However, this entry is simply about questions. I love questions. I love asking questions and I love it when my students ask me questions - provided it is at the appropriate time (i.e. not in the middle of kata).
Why do I love questions? To me, if a student is asking me relevant questions, it means they genuinely want to learn and/or value my opinion (a little bit of an ego boost I admit). Don't understand the mechanics behind a technique? Ask - there is probably something you're missing. Don't understand the bunkai of a technique? Ask - there is probably something you're missing. Outright think a move is ineffective or silly? Ask - there is probably something you're missing.
When I say they're is probably something you're missing, that does not necessarily mean you just don't get it; it could very well be that I left out a detail in my explanation. I am human and I have in my many years of teaching have been known to accidentally left out a detail - whether out of error or simply assuming it was already known - and not realized it until I was questioned about it later.
I am fortunate to have an instructor who does not hold anything back from me if I ask. He has never told me "you're not ready for that technique" or "that is too advanced for you." And I, in turn, have tried to give the same channel of open information to my students.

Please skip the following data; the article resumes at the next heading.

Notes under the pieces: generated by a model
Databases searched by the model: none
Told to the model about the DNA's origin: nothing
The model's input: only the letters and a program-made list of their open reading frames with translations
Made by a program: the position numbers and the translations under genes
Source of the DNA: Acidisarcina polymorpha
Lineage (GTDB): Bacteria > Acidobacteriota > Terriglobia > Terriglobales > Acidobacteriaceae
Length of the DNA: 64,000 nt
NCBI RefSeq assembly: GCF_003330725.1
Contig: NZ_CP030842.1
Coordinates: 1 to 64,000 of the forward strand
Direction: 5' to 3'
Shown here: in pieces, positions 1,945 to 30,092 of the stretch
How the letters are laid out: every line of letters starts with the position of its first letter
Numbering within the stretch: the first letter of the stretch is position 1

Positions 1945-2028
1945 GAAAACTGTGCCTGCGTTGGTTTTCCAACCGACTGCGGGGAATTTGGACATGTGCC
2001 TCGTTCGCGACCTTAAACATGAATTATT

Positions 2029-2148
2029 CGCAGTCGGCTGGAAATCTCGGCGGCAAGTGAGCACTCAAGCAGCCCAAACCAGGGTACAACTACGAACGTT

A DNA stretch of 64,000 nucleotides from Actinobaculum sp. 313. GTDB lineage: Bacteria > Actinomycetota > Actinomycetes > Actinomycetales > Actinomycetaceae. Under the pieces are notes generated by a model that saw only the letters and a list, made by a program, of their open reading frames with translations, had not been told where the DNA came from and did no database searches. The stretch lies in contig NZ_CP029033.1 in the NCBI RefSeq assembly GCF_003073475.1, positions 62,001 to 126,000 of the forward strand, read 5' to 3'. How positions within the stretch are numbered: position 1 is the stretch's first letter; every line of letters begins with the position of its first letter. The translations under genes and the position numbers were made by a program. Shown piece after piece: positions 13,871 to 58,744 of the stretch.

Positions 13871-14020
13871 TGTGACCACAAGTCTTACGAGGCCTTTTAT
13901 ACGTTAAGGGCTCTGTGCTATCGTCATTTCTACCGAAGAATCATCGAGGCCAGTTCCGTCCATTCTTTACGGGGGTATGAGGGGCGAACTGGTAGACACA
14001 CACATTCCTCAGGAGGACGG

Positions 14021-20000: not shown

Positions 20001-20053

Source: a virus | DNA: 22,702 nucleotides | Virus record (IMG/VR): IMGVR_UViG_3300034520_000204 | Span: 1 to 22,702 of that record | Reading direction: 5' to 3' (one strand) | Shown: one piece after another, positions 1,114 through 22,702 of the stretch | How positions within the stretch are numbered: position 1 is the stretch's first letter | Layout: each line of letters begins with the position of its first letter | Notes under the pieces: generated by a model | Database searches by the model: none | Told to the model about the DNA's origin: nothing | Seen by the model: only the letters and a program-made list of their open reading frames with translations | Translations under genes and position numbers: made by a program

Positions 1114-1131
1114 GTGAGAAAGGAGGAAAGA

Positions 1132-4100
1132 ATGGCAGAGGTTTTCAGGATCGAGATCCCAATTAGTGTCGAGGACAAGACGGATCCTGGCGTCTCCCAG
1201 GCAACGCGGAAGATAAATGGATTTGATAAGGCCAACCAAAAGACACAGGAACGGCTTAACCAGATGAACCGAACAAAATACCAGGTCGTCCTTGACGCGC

When I answer my student's questions, I am as honest and forthright with them as possible. If I am not certain absolutely certain of the answer, I'll even openly reply "I don't know if this is correct, but here is what I believe and the reason why." I know a few instructors who would be aghast by me admitting that (because as black belts we're supposed to be "fountains of knowledge" and blah blah blah), but I would rather my students know that I don't know everything rather than trying to pretend I had ALL the answers.
In my own training there are a few bunkai I don't fully understand or need clarification on specific hand or foot placement on technique details (as well as a couple student inquiries I need to get clarification on & report back). And since I will be attending a seminar with a couple of my style seniors in a few weeks, I will certainly be running my list of questions by them.
All that being said, the one question I absolutely cannot stand is the hypothetical "Well what if he does this instead?" That only leads to the inevitable string of "Well, then do this," "But then what if he does this," "Then do this," "But what if..."
I actually have a "No What If" rule in my dojo and that's about the only question I don't like.